On August 14, the Sao Paulo State Water Company (Sabesp) released a note on its website, bragging about winning the Transparency Trophy. It’s an annual prize granted by Brazil’s National Association of Finance, Administration and Accounting Executives. This struck some Brazilians as hard to believe. Sabesp, a publicly held company, has been notoriously unclear about the chronic water shortages faced by millions of people in Brazil’s largest state, Sao Paulo, since mid-2014. It is the same company that refused, from December 2014 to March 2015, to release information on the state’s major state water consumers. Continue Reading →
What's the data-driven journalism crowd tweeting? Here are the top ten links for August 16 to 27: a dating site's sad truth (@gizmodo); cops & crime perception (@correctiv); using maps in data viz (@paulbradshaw); end of the Amazon (@InfoAmazonia); and more.
What's the data-driven journalism crowd tweeting? Here are the top ten links for August 10 to 23: Africa ddj Initiative (@justinarenstein); mapping UK/Ireland pubs (@CityMetric); Amazon's end (@InfoAmazonia); L.A. trash (@latimes); NSA patents (@alice_corona); Hacktivist toolbox (@POLITICOEurope). Continue Reading →
We've passed the 100 country mark! That's how many nations will be represented when investigative journalists gather in Lillehammer this October for the Global Investigative Journalism Conference. What that means is GIJC15 will be the most diverse international gathering ever of muckrakers from around the world. Check out the map of attendees that SKUP's Jen Egil Heftoy put together. This is not yet complete -- we're still working to bring people from the rest of the world. Continue Reading →
What happens when a journalist investigates treatment facilities for malaria patients in Kinshasa, capital of the Democratic Republic of the Congo? For Francis Mbala, it led to his arrest and a Kafkaesque tale about the dangers of investigating in one of the world's most corrupt countries. Mbala's story comes from the ZAM Chronicle and is reprinted with permission. Continue Reading →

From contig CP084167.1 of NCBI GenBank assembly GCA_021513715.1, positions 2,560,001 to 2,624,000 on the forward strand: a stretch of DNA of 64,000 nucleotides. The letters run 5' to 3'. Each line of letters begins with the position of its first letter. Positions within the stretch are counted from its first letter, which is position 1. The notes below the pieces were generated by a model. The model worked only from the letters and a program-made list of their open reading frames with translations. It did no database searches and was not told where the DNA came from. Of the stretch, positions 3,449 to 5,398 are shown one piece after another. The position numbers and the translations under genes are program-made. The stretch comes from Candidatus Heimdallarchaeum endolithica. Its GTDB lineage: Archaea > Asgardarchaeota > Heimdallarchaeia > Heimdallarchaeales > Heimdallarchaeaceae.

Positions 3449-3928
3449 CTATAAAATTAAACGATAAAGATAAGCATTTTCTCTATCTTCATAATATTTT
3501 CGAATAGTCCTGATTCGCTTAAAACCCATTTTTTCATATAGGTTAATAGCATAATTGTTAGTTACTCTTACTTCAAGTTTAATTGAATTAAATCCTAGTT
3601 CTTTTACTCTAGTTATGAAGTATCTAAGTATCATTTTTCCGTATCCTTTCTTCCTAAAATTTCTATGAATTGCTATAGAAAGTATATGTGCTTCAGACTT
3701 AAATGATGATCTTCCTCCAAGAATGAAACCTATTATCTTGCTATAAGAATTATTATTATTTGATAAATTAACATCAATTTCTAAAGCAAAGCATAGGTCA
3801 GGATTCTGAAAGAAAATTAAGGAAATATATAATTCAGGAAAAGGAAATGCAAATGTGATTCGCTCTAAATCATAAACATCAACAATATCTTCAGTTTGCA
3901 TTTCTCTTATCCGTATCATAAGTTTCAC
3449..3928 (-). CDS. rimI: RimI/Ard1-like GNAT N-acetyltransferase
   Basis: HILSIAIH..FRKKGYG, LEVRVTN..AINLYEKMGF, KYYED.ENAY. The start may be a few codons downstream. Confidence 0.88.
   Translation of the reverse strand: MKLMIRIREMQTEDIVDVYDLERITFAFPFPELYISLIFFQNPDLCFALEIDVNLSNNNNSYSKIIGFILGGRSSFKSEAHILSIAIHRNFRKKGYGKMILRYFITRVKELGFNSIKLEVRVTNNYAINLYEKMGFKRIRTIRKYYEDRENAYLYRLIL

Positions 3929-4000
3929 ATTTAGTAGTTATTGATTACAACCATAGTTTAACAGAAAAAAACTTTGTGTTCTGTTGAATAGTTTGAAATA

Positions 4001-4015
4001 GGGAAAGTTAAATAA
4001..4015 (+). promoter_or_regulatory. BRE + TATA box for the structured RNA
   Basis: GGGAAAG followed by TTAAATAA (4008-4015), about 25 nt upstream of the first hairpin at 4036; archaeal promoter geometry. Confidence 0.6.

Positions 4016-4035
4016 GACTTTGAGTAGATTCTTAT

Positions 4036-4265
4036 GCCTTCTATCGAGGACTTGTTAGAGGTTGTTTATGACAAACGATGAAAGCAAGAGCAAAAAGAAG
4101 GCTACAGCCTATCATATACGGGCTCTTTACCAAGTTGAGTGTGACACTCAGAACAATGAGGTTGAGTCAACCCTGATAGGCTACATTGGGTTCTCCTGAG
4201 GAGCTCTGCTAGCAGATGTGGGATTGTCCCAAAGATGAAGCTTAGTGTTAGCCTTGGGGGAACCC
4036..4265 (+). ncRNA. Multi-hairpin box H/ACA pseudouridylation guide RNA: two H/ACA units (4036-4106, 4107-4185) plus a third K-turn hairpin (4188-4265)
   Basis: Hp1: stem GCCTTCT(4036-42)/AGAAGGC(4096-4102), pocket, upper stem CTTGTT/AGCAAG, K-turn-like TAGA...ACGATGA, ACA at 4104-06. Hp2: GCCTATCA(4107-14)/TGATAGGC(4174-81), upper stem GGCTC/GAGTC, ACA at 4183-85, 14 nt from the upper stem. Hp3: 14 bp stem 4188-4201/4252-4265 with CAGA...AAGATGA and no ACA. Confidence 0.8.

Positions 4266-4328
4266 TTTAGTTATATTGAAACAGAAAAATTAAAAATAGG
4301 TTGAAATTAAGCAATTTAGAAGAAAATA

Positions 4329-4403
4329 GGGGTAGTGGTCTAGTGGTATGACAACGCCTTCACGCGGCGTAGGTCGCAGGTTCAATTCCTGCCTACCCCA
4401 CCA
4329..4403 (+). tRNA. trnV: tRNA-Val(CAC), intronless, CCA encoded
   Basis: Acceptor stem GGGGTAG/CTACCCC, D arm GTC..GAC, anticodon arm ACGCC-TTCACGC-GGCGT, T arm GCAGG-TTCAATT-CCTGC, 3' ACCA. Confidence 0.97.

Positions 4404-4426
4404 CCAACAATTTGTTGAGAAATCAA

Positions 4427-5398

Time for a new collection of resources and research reports. Today's roundup features two online databases -- one on nuclear reactors, the other on health -- and the latest international research reports from Brussels, London, and Washington. Global Health Facts from the Kaiser Family Foundation is an organized and frequently updated collection of browsable and searchable data. Continue Reading →
As a rule, media development grants are not news. But a number of Russia’s leading newspapers, including Izvestia and Moscow Times, reported last week that the U.S. Embassy in Lithuania (@USEmbVilnius) has announced that $500,000 is being made available to regional media organizations to combat Russian propaganda. Izvestia pointed to the grant as proof that the U.S. Government is also involved in propaganda and have called the grant anti-Russian. Although not widely known, Western governments -- including the United States -- are the largest donors to media. They spend tens of millions of dollars per year to help promote independent media, often through grants to large media development organizations in developing and transitioning countries around the world. Continue Reading →